‘A common journey of reconciliation’

Pope Francis and the Rev. Martin Junge, general secretary of the Lutheran World Federation, attend an ecumenical prayer service at the Lutheran cathedral in Lund, Sweden, Oct. 31. CNS photo/Paul Haring
Pope Francis and the Rev. Martin Junge, general secretary of the Lutheran World Federation, attend an ecumenical prayer service at the Lutheran cathedral in Lund, Sweden, Oct. 31.
CNS photo/Paul Haring

Two recent events highlight how powerful an agent for Christian unity the role of the Bishop of Rome can be while simultaneously remaining one of the greatest stumbling blocks to this unity. Last week, Oct. 31, began the 500th anniversary of the Protestant Reformation. Pope Francis traveled to Sweden to join with the leadership of the Lutheran World Federation to help launch the commemoration. In September, at the 14th plenary session of the Joint International Commission for Theological Dialogue Between the Orthodox and Catholic Churches, an agreement was signed, a joint document regarding synodality and primacy during the first millennium.

Both the Great Schism of 1054ad and the Protestant Reformation of 1517ad were caused partially by the excommunications issued by popes in these centuries long ago. Part of the Orthodox disagreements with the Church of the West in 1054 was the Bishop of Rome’s claim to universal jurisdiction and the move away from the synodality once exercised by the patriarchal pentarchy in the first millennium of Christianity. Reformers questioned whether the papacy was biblically warranted, which led to violent disagreements that left some reformers going so far as claiming the papacy was the “antichrist.” These separations in the Christian family led to almost 33,000 different denominations over the course of the last millennium.

As the Holy Spirit moved among Christians to once again strive for unity near the end of the last millennium, the Roman Catholic Church entered fully into this hope by the convocation of an Ecumenical Council, the Second Vatican Council, by the Bishop of Rome, Pope John XXIII. All successive popes have worked tirelessly for the cause of Christian unity. And in one of the more important documents regarding ecumenism in the post conciliar church, Pope John Paul II’s encyclical Ut Unam Sint — That All May Be One, he wrote: “As Bishop of Rome I am fully aware, as I have reaffirmed in the present Encyclical Letter, that Christ ardently desires the full and visible communion of all those Communities in which, by virtue of God’s faithfulness, his Spirit dwells. I am convinced that I have a particular responsibility in this regard, above all in acknowledging the ecumenical aspirations of the majority of the Christian Communities and in heeding the request made of me to find a way of exercising the primacy which, while in no way renouncing what is essential to its mission, is nonetheless open to a new situation…It is out of a desire to obey the will of Christ truly that I recognize that as Bishop of Rome I am called to exercise that ministry. I insistently pray the Holy Spirit to shine his light upon us, enlightening all the pastors and theologians of our churches, that we may seek — together, of course — the forms in which this ministry may accomplish a service of love recognized by all concerned…a dialogue in which, leaving useless controversies behind, we could listen to one another, keeping before us only the will of Christ for his church and allowing ourselves to be deeply moved by his plea ‘that they may all be one so that the world may believe that you have sent me.’”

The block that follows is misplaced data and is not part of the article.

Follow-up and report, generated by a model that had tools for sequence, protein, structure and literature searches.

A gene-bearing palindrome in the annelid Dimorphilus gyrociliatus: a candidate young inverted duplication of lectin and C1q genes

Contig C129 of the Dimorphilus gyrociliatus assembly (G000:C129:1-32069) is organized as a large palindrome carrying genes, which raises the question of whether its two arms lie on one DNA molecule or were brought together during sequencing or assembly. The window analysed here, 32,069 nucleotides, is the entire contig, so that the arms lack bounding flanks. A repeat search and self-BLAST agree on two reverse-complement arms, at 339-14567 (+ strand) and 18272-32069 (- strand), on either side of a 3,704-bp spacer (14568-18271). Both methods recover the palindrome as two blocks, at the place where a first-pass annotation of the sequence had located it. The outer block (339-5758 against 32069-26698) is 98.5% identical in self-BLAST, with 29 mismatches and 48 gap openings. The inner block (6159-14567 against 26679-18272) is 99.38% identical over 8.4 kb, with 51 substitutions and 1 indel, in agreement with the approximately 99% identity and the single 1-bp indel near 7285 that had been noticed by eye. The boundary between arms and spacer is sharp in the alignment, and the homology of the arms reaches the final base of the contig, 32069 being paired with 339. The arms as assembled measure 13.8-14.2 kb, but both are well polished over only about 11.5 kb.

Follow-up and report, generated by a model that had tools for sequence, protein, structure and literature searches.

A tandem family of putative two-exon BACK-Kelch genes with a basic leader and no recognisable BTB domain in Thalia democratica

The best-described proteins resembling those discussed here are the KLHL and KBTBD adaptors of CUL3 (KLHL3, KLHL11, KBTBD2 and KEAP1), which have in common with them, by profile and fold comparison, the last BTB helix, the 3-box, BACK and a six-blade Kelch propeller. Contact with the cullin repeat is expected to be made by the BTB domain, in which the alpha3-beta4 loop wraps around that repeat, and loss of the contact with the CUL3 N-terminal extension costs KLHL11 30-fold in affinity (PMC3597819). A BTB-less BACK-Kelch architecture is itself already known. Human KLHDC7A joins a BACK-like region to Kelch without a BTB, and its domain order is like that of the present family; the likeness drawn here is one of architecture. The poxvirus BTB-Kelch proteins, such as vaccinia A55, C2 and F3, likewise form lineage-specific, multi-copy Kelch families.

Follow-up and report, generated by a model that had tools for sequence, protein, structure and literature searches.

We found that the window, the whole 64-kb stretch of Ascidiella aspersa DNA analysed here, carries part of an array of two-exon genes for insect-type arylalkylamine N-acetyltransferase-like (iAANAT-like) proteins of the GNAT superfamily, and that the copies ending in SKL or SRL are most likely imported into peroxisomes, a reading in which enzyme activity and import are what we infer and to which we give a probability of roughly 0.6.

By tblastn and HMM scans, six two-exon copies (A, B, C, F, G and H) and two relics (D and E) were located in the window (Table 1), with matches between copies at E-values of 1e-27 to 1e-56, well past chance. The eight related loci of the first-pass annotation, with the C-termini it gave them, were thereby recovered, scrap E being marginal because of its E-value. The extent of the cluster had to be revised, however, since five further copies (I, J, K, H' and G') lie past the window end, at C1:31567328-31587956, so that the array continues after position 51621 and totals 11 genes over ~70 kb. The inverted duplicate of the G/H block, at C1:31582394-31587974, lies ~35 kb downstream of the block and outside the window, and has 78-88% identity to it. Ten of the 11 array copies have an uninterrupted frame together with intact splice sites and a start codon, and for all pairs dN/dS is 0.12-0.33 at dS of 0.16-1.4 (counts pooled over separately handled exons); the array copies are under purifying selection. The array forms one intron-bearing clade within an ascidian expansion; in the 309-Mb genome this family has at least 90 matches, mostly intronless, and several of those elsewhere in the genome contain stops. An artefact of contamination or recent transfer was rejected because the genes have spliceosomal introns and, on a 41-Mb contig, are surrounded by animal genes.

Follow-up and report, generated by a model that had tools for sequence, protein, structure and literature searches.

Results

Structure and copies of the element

Quite a powerful statement. The gathering of Roman Catholics and Orthodox leaders and theologians in September signed a document titled “Synodality and Primacy During the First Millennium: Towards a Common Understanding in Service to the Unity of the Church.” While it does not solve all the differences in understanding the role of the papacy in a unified church it reminds Christians of the central role of the papacy in the first millennium. The unity of the church in the first millennium was centrally Eucharistic, with the Bishop of Rome playing an important role in ecumenical councils and helping to resolve issues of difference among the bishops. His role was serving the unity of the church in faith and communion.

Certainly Pope Francis models this call to foster and protect the unity of the church. By his very presence at the service marking the 500th anniversary of the Protestant Reformation the pope showed his desire to heal the wounds of the past. At that service he spoke of the hope of both Catholics and Lutherans, “As Catholics and Lutherans, we have undertaken a common journey of reconciliation. Now, in the context of the commemoration of the Reformation of 1517, we have a new opportunity to accept a common path…Nor can we be resigned to the division and distance that our separation has created between us. We have the opportunity to mend a critical moment of our history by moving beyond the controversies and disagreements that have often prevented us from understanding one another.” Yes, the papacy as exercised by this Bishop of Rome, Pope Francis, is drawing near the hope of his predecessors, that the papacy will ultimately be the catalyst of our hoped for Christian unity.

Father Joseph D. Wallace is director, Ecumenical and Inter-religious Affairs, Diocese of Camden.